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Home Industry News Merial receives approval for breakthrough melanoma vaccine

Merial receives approval for breakthrough melanoma vaccine

17th February 2010

Merial has received approval from health regulators in the US for what it considers to potentially be a landmark new cancer treatment.

The animal health company has won a full licence approval from the US department of agriculture for Oncept, a canine melanoma vaccine which is the first of its kind to be ratified for use in either animals or humans.

Dogs trialled using the drug showed significantly improved survival rates during a clinical trial, while a median life span proved impossible to determine due to the number of animals which survived beyond the end of the study.

It was developed in collaboration between Merial and Memorial Sloan-Kettering Cancer Center, both of whom believe the drug’s approval is a breakthrough in wider cancer care.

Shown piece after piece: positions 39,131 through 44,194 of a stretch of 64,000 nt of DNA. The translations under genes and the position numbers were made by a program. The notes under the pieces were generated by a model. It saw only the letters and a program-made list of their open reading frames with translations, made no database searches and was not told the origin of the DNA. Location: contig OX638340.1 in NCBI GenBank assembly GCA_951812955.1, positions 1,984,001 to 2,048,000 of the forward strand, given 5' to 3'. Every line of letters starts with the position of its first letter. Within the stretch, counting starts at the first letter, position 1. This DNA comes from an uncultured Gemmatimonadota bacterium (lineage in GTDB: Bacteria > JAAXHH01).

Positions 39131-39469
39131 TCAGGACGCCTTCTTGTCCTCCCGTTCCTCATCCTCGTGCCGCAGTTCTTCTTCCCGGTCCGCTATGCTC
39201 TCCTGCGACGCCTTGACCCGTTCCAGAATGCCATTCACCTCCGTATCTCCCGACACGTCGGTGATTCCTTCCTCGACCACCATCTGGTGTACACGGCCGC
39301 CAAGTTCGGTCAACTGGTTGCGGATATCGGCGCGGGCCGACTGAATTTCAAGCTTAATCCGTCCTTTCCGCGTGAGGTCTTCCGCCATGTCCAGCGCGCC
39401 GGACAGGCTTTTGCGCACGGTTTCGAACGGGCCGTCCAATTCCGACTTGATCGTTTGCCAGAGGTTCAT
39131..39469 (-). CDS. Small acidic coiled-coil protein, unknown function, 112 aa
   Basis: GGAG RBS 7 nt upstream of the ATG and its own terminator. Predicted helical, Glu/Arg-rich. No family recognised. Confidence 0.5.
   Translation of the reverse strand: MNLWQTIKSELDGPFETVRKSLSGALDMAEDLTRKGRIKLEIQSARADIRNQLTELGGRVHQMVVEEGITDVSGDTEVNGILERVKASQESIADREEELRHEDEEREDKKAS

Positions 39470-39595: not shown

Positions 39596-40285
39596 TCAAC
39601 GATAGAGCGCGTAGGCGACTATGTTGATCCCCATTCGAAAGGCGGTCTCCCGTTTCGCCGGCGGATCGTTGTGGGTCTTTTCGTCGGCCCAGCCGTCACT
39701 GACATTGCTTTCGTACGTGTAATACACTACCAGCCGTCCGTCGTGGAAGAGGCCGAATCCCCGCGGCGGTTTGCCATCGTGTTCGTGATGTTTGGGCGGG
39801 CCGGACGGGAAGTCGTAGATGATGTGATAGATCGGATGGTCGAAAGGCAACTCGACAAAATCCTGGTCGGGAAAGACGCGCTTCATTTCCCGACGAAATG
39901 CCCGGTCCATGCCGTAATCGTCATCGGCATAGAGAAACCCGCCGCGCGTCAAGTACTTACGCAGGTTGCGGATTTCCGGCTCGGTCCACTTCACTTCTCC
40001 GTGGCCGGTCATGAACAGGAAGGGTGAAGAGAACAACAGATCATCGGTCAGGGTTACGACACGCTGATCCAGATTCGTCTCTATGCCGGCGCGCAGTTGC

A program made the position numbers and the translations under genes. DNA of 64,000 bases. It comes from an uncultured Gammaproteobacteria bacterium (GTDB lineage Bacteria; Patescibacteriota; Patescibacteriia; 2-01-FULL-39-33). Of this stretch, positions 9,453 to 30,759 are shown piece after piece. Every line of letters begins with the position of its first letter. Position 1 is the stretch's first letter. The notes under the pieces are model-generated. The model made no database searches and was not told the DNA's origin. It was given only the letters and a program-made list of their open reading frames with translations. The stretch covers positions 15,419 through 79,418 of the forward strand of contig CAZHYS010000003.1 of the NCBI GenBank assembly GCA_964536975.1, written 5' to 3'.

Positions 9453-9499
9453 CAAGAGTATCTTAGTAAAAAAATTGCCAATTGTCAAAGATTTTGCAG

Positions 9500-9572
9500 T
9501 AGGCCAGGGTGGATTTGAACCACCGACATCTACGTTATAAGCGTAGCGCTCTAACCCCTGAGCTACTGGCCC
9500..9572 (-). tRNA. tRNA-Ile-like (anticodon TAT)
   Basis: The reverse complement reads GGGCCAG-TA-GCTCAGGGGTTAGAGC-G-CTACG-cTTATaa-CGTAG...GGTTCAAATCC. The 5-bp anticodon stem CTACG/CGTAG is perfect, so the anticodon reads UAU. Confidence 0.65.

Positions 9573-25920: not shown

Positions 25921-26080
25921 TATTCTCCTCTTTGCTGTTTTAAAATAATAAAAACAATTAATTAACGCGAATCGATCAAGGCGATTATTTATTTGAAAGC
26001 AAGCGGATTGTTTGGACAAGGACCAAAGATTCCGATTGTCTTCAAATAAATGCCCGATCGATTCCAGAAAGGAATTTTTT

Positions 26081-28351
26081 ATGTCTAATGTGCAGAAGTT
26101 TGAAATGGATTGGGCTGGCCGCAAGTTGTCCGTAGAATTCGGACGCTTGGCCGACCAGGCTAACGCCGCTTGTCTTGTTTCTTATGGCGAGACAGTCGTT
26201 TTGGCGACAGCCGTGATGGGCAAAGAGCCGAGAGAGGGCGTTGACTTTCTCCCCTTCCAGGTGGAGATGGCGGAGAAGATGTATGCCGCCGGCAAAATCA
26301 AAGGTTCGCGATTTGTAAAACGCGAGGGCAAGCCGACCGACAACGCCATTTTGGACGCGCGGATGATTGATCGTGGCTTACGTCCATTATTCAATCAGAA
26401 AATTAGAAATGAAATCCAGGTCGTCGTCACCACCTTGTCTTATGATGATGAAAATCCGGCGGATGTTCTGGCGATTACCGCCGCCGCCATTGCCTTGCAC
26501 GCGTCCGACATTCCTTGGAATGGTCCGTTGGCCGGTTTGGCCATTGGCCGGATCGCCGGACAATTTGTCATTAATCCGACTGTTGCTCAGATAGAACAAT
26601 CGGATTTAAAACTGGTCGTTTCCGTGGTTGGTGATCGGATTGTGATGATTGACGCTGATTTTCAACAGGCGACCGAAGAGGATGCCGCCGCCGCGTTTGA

Dr Jedd Wolchok, of the melanoma and sarcoma service at Memorial Sloan-Kettering, said: “We’re very excited about continuing research into this vaccine to explore the potential implications it has for humans. We hope this will result in improved cancer treatment for all.”

Merial has been a wholly-owned subsidiary of Sanofi-aventis since the pharmaceuticals company bought out former partner Merck Sharpe and Dohme’s interest late in 2009.

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